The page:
Imperfect Garden is an unusual book to be published in the early twenty-first century. In a period of deconstruction, new historicism, and poststructuralism, the book is a very old- fashioned history-of-ideas analysis that looks back to the Renaissance and the Enlightenment for a guide to the principles people should live by today. The subtitle of the book does not call into question the “legacy of humanism” but celebrates it as the only coherent philosophy that Western society has. Tzvetan Todorov’s primary sources for humanism are all French thinkers of the sixteenth to the nineteenth centuries. This gives the book a clear focus but an obvious limitation.
Todorov defines humanism primarily from the works of Michel de Montaigne (1533-1592) and Jean-Jacques Rousseau (1712-1778), although he qualifies and sharpens that definition by discussing Benjamin Constant de Rebecque (1767-1830), René Descartes (1596-1650), and a number of other thinkers. Humanism, for Todorov, is the “doctrines according to which man is the point of departure. . . . The specificity of human affairs (in contrast to those that relate to God) is therefore the point of departure for humanist doctrine . . . .” Todorov, referring to the tale of Satan offering Christ all the treasures of the world if he will worship him, compares humanism to Satan’s offer to make humanity autonomous and free; however, for this gift, Satan demands that a price be paid.
The primary method for analyzing humanism is to compare and, especially, contrast it to related families of thought: conservatism, scientism, and individualism. Todorov sees an interplay of these families along with humanism rather than a clear division between them. Often he will acknowledge that some of the thinkers he discusses represent both humanist and one or more of the other families. For example, Rousseau is often seen as both a humanist and an individualist. The conservatives feel that the price for human freedom is too great and wish, therefore, to reject the initial declaration of freedom and return to tradition and the necessity of having a deity. Todorov uses Louis-Gabriel-Ambroise de Bonald (1754-1840) as an example of this position. Bonald desired to turn back the results of the French Revolution because the price for the freedom it created—the rejection of tradition and religion—was too great. The scientists focus on collective sharing rather than individual freedom, since their goal is to discover the essential laws of the universe. Todorov cites biologist Charles Darwin (1809-1882), political philosopher Karl Marx (1818-1883), and psychoanalyst Sigmund Freud (1856-1939) as examples of this view. In direct contrast, the individualists believe that each human being is completely self-sufficient. Individuals do not need tradition, religion, or even society; their will is supreme. An example of this new perspective would be the Marquis de Sade (1740-1814), according to Todorov.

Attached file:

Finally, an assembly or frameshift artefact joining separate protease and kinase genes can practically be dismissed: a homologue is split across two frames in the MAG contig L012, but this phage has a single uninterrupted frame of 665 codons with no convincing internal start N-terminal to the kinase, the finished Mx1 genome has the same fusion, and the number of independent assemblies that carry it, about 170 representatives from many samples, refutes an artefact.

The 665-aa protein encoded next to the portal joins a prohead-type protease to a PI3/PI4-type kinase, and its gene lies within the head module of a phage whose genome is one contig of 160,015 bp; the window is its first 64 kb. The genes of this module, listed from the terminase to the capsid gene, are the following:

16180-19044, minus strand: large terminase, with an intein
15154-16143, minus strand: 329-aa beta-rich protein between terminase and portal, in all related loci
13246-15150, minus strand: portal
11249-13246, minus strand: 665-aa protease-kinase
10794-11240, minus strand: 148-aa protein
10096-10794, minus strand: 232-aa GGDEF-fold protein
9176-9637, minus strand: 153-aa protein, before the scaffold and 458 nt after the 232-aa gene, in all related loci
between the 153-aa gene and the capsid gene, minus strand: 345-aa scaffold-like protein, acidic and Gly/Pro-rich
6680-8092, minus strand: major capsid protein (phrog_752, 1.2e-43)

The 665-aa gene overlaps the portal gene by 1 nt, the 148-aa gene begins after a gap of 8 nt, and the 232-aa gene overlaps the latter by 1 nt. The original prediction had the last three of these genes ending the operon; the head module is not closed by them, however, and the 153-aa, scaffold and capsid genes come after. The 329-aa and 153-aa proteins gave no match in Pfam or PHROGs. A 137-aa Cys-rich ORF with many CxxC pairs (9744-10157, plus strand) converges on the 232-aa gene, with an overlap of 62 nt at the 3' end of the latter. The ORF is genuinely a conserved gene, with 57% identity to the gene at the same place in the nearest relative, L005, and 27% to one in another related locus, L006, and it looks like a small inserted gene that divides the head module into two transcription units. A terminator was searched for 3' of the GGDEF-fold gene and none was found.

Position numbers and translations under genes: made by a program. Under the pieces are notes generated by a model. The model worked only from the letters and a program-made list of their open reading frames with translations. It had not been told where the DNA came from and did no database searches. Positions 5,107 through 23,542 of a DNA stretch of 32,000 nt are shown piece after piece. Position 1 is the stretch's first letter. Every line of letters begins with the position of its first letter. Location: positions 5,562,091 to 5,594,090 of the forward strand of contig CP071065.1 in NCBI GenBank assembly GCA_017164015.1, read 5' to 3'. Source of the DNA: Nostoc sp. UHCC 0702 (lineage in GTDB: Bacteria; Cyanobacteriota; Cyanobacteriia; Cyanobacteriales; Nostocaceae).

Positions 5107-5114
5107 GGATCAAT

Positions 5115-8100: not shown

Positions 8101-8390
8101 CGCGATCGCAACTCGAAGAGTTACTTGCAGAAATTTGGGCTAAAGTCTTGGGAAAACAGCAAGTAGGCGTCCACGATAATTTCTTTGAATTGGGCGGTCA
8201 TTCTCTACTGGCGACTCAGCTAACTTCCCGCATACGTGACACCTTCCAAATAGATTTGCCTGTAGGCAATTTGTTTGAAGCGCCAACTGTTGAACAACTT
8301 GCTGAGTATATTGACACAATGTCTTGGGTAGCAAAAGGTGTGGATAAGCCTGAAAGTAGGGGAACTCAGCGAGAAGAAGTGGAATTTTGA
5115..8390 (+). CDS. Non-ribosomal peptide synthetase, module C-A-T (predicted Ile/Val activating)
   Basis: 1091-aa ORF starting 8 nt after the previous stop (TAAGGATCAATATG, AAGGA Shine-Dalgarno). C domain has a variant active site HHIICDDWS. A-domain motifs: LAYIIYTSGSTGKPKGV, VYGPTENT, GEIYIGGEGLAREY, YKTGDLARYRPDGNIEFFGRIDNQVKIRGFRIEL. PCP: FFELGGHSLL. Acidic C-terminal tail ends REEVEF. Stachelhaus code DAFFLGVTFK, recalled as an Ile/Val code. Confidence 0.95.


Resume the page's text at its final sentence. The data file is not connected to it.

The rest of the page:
The “declaration of autonomy” that modern man made in the Renaissance is first seen in Montaigne. He emphasizes people’s choice in their personal lives. The mind, above all, must be free to seek and find and not be restricted. However, Montaigne does recognize and submit to the necessity of law and acknowledges the power of custom. He maintains the perspective of autonomy by claiming that people make this submission knowingly, through reason, rather than unthinkingly.
This autonomy is extended by Descartes and Rousseau. Descartes stresses the freedom of the mind and sees knowledge as coming not from tradition or authority but from reason. He also sees limitations in this choice and autonomy, seeing freedom as “compatible with divine omnipotence.” Rousseau also stresses the “autonomy of reason,” although, like his predecessors, he feels that it is necessary to “remain subject to the prevailing laws.” However, he qualifies that view and extends the humanist autonomy by demanding that the laws and political system must be freely chosen by the people and not merely imposed. Constant de Rebecque is a very different thinker. From his position after the French Revolution he was very aware of the social breakdown that accompanied the Terror. In this case, human autonomy led to evil rather than good. Constant de Rebecque warned of allowing such abuses, advocating an awareness of the potential problems of abuse of power.
“Living Alone” is one of the more interesting chapters in the book. Todorov...
(The entire section is 1823 words.)